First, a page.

Britain changed tactics, seeking to appease the vociferous hostility towards a possible Jewish state on the part of the newly independent Arab states of Egypt, Iraq and Saudi Arabia and of the Muslims of India by drastically restricting Jewish immigration and land purchase, and seeking to crush the militant Jewish national movement that emerged in Palestine even as the Second World War was being fought. In his penetrating study, Norman Rose describes the evolution and course of what Churchill — in 1946 — called Britain’s “squalid, senseless war” against the Jews. It was a war characterised by mutual hatreds, reprisals, abductions and executions.
Rose, a distinguished Israeli historian, writes objective, hard-hitting history. He notes that as early as 1919, the American King-Crane Commission of Inquiry stated that no British officer in Palestine whom the commissioners consulted believed that the Zionist programme could be carried out except by force of arms. “In essence”, Rose comments, “little changed until the establishment of the State of Israel in 1948-and for many years thereafter.”
The coming to power of the Labour Party in 1945 gave the Zionists cause for self-congratulation. Hugh Dalton, one of Churchill’s wartime ministers, had drafted a resolution adopted by the Labour Party a few months before the election that contained the sentence: “Let the Arabs be encouraged to move out as the Jews move in.” Dalton proposed generous compensation for the displaced Arabs and for their resettlement to be “generously financed”, in the “many wide territories” ruled by the Arabs. But the decision of the new Foreign Secretary, Ernest Bevin, to refuse to allow 100,000 Jewish survivors of the Holocaust to enter Palestine intensified the violence in Palestine between Briton and Jew. Rose gives a powerful, detailed and meticulously documented account of that violence, shaming to both the contending parties.
Sixty-one years have now passed, and three major Arab-Israeli wars been fought since Israeli independence. The third of those wars, that of 1973, has been followed by further fighting inside Lebanon and Gaza and by continuous strife within Israel’s borders. The peace process that began at Madrid and continued, via Oslo and Camp David, until today is still being kept alive — just — by both sides, and with varying degrees of international involvement, including a sustained effort by Tony Blair. Where will it lead? Benny Morris, the author of a seminal book on the 1948 war, now sets out the case for a two-state solution as first proposed by a British Royal Commission in 1937, endorsed by the UN ten years later, and currently at the centre of negotiations, of the Saudi peace plan and of President Barack Obama’s Middle East vision.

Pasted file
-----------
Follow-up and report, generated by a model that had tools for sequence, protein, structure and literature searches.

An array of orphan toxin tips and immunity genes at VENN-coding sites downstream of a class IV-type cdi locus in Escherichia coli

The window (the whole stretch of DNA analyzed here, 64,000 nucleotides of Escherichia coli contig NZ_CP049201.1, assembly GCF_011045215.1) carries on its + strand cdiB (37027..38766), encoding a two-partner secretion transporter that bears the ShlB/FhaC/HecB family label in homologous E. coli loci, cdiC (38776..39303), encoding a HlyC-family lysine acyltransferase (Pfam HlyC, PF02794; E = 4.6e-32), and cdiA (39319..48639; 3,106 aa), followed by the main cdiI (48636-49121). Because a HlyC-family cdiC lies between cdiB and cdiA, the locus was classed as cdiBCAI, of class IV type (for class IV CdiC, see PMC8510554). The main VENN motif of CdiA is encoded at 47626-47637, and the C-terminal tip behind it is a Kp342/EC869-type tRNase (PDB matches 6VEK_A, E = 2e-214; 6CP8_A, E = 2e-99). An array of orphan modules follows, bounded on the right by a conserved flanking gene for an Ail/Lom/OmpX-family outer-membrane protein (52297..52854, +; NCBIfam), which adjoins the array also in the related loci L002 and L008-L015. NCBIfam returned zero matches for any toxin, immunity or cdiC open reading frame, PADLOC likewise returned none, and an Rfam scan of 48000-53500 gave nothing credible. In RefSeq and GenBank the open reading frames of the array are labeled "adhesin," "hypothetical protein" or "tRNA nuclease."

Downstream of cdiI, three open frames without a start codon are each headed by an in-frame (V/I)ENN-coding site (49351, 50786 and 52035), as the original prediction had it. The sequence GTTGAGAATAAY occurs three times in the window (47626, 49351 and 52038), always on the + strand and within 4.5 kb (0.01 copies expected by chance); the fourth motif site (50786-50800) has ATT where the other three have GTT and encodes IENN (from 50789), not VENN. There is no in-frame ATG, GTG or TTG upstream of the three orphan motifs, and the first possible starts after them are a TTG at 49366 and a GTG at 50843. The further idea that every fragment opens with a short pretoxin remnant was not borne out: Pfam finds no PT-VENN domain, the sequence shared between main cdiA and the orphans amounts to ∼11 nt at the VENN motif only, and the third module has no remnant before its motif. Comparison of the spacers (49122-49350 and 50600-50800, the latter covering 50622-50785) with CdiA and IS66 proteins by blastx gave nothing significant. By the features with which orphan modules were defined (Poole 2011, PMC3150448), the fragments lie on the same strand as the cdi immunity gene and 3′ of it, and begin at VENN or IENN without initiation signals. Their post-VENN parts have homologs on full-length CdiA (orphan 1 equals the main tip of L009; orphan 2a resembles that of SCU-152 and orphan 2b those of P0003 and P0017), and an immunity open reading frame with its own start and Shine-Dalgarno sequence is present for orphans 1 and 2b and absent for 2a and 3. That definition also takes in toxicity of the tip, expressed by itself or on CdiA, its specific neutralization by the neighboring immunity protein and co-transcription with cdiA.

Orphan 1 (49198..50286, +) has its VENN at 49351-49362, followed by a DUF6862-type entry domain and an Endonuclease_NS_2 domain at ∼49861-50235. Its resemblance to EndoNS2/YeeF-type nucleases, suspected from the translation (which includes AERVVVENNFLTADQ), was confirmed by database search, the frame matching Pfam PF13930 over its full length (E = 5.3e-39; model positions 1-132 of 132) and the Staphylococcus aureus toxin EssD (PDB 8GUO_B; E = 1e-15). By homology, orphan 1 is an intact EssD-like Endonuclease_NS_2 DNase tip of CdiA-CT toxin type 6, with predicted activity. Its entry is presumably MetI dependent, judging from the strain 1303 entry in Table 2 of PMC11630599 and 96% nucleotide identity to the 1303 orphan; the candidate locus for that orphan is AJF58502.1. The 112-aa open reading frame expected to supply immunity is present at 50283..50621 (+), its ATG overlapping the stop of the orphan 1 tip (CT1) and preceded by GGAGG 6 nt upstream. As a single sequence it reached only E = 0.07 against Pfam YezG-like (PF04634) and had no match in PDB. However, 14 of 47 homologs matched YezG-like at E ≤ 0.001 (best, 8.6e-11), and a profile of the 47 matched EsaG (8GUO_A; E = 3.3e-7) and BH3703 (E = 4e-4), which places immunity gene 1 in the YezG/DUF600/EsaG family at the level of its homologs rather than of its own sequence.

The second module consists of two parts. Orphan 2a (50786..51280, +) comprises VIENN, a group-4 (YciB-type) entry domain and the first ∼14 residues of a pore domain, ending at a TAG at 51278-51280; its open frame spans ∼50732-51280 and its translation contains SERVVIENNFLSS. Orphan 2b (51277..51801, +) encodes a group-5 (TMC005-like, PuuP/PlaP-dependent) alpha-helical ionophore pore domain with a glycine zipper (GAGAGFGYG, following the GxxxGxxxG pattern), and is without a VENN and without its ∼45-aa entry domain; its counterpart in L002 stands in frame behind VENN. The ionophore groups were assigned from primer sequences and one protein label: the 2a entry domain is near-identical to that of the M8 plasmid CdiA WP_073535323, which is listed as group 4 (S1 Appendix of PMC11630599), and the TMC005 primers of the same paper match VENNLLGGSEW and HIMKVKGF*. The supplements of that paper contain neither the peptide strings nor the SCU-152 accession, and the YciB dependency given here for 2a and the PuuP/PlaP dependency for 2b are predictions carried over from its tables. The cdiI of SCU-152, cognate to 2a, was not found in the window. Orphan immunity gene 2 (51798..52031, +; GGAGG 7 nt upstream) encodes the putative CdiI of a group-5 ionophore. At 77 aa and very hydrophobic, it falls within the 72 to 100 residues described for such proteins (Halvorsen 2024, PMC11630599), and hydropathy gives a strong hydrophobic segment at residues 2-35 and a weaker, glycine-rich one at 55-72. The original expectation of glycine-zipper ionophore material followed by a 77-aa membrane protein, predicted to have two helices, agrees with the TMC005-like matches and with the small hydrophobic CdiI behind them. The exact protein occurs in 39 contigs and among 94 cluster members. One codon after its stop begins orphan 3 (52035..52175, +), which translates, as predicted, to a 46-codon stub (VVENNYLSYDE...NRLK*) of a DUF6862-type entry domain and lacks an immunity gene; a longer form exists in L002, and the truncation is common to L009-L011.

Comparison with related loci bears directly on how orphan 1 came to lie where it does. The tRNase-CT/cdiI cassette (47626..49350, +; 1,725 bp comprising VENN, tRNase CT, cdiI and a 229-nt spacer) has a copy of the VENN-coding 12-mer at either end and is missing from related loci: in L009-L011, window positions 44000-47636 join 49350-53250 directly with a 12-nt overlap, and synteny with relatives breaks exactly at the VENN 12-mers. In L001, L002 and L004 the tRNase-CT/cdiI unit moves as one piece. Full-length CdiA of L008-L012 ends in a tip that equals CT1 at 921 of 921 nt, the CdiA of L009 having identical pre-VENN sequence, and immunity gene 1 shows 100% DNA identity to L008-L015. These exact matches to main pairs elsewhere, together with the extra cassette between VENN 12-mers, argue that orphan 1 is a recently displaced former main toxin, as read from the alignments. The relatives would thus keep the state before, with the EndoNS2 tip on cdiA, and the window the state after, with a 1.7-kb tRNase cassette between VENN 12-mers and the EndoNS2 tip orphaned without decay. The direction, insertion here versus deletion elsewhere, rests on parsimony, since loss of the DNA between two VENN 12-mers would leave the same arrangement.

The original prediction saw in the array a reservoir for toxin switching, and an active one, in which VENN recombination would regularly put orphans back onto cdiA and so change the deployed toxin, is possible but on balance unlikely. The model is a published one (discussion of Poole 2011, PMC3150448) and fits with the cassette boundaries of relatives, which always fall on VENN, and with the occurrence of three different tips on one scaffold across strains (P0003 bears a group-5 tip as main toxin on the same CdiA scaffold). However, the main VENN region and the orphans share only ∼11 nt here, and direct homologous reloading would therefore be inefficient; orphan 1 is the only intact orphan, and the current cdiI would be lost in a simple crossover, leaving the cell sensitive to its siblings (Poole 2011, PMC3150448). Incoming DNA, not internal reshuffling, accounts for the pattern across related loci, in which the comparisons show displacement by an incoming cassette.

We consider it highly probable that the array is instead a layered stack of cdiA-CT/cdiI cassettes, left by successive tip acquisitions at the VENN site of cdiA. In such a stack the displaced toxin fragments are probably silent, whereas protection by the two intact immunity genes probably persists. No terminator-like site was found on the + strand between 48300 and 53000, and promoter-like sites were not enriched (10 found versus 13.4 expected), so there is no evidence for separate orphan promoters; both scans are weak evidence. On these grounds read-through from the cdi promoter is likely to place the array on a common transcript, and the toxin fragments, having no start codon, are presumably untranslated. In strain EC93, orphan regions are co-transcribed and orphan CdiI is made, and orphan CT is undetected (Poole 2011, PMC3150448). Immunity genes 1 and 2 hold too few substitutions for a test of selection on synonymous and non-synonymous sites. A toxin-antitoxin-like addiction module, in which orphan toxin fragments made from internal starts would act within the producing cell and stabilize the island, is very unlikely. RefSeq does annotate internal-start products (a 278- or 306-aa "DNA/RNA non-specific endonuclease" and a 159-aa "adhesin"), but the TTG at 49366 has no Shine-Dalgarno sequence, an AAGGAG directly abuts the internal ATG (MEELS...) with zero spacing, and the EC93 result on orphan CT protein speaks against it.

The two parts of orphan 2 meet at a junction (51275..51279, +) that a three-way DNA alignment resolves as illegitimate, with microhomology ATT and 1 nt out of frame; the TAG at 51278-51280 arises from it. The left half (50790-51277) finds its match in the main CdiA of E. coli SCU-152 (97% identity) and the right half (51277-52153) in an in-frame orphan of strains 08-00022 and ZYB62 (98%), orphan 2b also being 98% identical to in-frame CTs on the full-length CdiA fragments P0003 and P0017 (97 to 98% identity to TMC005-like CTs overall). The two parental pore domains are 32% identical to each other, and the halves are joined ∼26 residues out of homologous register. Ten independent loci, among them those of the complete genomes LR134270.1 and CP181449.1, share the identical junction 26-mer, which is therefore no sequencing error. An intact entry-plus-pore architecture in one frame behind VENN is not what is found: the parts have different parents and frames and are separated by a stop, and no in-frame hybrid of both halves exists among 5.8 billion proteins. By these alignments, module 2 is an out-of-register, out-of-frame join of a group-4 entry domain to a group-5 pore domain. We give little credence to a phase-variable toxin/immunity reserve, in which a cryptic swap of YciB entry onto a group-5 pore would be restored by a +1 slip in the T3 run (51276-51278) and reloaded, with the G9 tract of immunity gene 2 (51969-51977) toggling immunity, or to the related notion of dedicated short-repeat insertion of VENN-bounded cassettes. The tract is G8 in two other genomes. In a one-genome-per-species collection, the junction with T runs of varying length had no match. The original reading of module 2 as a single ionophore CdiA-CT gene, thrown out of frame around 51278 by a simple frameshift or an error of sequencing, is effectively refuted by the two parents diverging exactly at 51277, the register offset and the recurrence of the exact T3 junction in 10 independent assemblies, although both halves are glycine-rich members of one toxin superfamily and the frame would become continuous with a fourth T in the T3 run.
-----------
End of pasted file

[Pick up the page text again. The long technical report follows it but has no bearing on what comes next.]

Morris sees grave danger in a single, binational state between the Mediterranean and the River Jordan, arguing that it would mean the end of any possibility of a Jewish majority and with it the end of the Zionist ideal of a national home for the Jews in any part of pre-1948 Palestine. But Palestinian Arab grievances are many, 1948 remains the traumatic time of mass dispossession, occupation has been a growing burden and there will be a need to find ways to redress these legitimate grievances.
On balance, Morris is an optimist, despite what he sees as “violent opposition from Islamic fundamentalist countries and factions”. As Gordon Brown discovered when he was in Jerusalem and Bethlehem in July 2008, the opportunities that beckon to both sides in the event of a true peace are so great, not only in economic terms but in the normal modalities of daily life, that moderates across the divide — which in places is a formidable concrete wall with few crossing points — will demand that wise counsels prevail.
The difficult concessions both sides will have to make, putting aside legitimate historic grievances, will have to be accepted for the greater good.